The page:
Leadership on Mission—December 6, 2016

March 9, 2017

Day 9 “Silence”

Then the high priest stood up and said to Jesus, “Well, aren’t you going to answer these charges? What do you have to say for yourself?” But Jesus remained silent. Then the high priest said to him, “I demand in the name of the living God—tell us if you are the Messiah, the Son of God.”
Jesus replied, “You have said it. And in the future you will see the Son of Man seated in the place of power at God’s right hand and coming on the clouds of heaven.” (Matthew 26:62–64 NLT)

We’ve already practiced the discipline of silence by finding a place of quiet, away from the busyness and noisiness of life. The other side of this discipline is to be quiet in the midst of our daily lives.

Isaiah describes Jesus as “a lamb to the slaughter,” never saying a word against His harsh treatment. This is true throughout His arrest, trial, beating, and death. He remained mostly silent in the midst of some of the harshest treatment ever devised by man. Even as He was being actively accused of wrongdoing and blasphemy, Jesus did not make a stand to protest His innocence. During His so-called trial at the home of the high priest, He only responds after Caiaphas directly asks if He is the Messiah. His silence when being accused shows His trust in the Almighty.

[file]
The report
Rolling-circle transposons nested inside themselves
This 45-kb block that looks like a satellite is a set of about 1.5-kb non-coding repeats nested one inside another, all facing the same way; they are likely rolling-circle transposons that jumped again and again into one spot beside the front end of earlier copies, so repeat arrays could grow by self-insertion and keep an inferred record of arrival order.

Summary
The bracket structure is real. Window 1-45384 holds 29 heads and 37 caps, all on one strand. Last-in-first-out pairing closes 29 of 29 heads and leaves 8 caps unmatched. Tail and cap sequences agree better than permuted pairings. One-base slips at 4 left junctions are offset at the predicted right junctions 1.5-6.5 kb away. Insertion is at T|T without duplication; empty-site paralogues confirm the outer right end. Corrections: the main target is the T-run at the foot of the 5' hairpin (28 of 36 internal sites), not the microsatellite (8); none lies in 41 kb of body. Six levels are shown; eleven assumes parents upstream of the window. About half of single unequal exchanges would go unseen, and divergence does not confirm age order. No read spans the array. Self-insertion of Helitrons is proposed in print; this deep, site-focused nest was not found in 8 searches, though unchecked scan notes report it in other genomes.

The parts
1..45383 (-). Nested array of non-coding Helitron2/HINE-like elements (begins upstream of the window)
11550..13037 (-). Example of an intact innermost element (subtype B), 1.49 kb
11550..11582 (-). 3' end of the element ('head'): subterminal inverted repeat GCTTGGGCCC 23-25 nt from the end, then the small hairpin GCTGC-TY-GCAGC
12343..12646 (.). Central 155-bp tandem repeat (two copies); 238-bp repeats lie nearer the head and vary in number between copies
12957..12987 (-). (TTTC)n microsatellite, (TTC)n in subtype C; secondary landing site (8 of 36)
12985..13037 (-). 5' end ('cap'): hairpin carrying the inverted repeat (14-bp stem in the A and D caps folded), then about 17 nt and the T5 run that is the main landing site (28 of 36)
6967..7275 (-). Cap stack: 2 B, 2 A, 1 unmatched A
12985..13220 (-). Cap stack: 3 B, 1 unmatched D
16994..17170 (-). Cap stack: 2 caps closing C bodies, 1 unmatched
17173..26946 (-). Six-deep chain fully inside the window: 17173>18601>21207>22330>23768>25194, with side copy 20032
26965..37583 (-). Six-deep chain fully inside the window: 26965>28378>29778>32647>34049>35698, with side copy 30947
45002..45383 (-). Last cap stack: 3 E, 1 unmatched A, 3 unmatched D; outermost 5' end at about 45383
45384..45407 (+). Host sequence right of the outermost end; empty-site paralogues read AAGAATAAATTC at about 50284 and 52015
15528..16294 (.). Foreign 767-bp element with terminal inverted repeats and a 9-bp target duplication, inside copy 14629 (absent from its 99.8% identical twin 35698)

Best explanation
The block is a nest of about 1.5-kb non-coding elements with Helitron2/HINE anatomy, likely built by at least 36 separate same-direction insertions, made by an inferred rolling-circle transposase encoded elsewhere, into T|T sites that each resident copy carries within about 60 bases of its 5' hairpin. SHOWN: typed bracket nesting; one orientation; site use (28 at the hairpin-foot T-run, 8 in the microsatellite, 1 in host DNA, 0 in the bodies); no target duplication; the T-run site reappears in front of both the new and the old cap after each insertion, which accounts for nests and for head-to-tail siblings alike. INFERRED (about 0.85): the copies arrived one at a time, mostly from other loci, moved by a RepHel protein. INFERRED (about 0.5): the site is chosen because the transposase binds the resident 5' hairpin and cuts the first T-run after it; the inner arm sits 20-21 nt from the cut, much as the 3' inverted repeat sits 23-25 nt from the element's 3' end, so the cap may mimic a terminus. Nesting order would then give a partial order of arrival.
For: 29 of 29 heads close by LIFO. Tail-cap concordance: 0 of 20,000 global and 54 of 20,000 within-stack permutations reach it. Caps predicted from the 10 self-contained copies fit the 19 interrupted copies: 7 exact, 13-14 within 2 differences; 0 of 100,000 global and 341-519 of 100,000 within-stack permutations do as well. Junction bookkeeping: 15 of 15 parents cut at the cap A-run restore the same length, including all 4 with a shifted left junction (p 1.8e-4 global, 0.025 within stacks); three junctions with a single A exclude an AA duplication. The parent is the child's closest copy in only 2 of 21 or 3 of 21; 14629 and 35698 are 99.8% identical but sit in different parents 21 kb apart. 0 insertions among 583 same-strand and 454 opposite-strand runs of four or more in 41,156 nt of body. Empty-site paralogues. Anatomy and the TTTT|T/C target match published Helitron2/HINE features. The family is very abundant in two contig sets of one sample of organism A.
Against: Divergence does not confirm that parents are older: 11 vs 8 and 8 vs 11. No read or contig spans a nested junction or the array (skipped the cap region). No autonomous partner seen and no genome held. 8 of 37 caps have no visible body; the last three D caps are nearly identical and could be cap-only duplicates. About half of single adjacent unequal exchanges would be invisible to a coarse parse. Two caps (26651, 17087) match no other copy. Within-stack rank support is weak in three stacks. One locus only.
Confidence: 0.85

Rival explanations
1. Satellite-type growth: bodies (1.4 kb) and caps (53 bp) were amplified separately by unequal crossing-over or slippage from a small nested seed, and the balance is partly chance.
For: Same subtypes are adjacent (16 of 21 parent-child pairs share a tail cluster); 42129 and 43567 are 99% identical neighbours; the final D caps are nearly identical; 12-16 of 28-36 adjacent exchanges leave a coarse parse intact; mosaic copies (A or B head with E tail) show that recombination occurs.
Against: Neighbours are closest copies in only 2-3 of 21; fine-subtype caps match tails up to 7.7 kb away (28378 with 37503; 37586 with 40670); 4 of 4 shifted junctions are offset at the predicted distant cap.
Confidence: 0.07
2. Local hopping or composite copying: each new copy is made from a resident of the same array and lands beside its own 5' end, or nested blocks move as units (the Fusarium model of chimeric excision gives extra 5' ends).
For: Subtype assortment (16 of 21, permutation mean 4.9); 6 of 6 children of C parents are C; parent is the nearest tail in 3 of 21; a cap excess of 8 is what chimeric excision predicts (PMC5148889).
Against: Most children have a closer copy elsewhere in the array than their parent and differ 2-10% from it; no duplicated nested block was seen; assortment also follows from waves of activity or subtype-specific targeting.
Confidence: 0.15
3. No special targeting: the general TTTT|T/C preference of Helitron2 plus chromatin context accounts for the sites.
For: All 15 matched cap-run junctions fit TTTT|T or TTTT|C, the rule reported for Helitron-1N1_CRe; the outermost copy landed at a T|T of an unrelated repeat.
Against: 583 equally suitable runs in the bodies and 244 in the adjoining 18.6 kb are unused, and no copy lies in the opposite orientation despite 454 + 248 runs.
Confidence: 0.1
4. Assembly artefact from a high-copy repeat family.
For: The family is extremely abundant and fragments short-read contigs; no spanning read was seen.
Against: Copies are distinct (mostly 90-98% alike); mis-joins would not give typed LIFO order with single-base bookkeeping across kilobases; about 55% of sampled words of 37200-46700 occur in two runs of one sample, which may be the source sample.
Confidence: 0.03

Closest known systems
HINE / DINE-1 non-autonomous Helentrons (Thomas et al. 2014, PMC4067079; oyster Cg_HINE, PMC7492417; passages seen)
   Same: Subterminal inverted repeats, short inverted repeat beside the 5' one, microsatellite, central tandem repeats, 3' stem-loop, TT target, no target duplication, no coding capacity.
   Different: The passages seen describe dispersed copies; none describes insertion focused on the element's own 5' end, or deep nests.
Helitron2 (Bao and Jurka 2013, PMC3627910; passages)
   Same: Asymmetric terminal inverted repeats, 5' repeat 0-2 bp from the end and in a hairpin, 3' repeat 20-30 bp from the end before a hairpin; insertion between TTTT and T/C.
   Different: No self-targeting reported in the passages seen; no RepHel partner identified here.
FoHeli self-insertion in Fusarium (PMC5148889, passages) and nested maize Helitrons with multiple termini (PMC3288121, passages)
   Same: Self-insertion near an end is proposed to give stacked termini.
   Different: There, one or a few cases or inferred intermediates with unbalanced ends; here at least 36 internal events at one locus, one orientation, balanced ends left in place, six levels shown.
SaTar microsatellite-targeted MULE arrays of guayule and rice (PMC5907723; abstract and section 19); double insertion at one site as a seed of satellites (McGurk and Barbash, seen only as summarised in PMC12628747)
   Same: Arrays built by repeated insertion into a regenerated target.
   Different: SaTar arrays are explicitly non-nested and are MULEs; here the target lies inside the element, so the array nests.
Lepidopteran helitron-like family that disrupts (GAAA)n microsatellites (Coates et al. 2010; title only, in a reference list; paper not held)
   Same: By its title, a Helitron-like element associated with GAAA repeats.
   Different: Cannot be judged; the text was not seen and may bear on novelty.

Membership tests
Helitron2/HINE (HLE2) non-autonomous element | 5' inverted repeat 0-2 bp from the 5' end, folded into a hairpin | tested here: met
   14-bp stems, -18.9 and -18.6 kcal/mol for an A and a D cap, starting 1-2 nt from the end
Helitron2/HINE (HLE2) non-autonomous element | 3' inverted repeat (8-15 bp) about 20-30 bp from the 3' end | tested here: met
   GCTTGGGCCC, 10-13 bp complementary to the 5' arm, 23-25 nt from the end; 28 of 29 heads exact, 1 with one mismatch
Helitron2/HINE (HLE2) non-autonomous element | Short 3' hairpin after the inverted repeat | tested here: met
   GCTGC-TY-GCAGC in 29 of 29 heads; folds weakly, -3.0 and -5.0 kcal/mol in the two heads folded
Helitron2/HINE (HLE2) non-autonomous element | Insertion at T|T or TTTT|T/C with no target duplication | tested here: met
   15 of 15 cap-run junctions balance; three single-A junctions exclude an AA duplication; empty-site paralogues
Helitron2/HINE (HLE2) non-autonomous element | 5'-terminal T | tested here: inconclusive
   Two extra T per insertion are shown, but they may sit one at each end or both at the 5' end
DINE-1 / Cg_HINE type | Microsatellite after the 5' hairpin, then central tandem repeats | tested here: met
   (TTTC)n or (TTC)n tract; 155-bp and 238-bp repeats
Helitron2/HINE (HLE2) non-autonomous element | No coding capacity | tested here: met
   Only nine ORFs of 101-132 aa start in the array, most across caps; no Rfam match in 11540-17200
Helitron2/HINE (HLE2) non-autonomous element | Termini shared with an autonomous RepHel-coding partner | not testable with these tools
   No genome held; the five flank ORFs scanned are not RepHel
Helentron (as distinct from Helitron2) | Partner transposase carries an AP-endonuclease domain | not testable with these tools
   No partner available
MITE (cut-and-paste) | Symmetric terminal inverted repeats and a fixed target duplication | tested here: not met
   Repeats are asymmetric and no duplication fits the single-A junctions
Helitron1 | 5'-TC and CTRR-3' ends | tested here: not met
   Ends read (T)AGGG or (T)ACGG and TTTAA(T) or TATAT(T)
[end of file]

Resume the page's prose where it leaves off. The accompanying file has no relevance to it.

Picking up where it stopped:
Those who know the tremendous power of words are more likely to be reticent about using them poorly. As much as it is within your power today, practice the discipline of silence by not speaking. Instead, use the attention and focus you would normally use to formulate a response to focus on the speaker. Lean into your urge to fill the silent spaces of your day with needless speech to discover what drives that urge. Allow God, and others, the room to speak by denying yourself that privilege for a day.

I do not like to stop and, in the silence, look within, but when I do I hear a pounding on the floor of my soul. When I open the trap door into the deep darkness, I see the monsters emerge for me to deal with. . . . If I do not deal with it, it deals with me.  —Morton T. Kelsey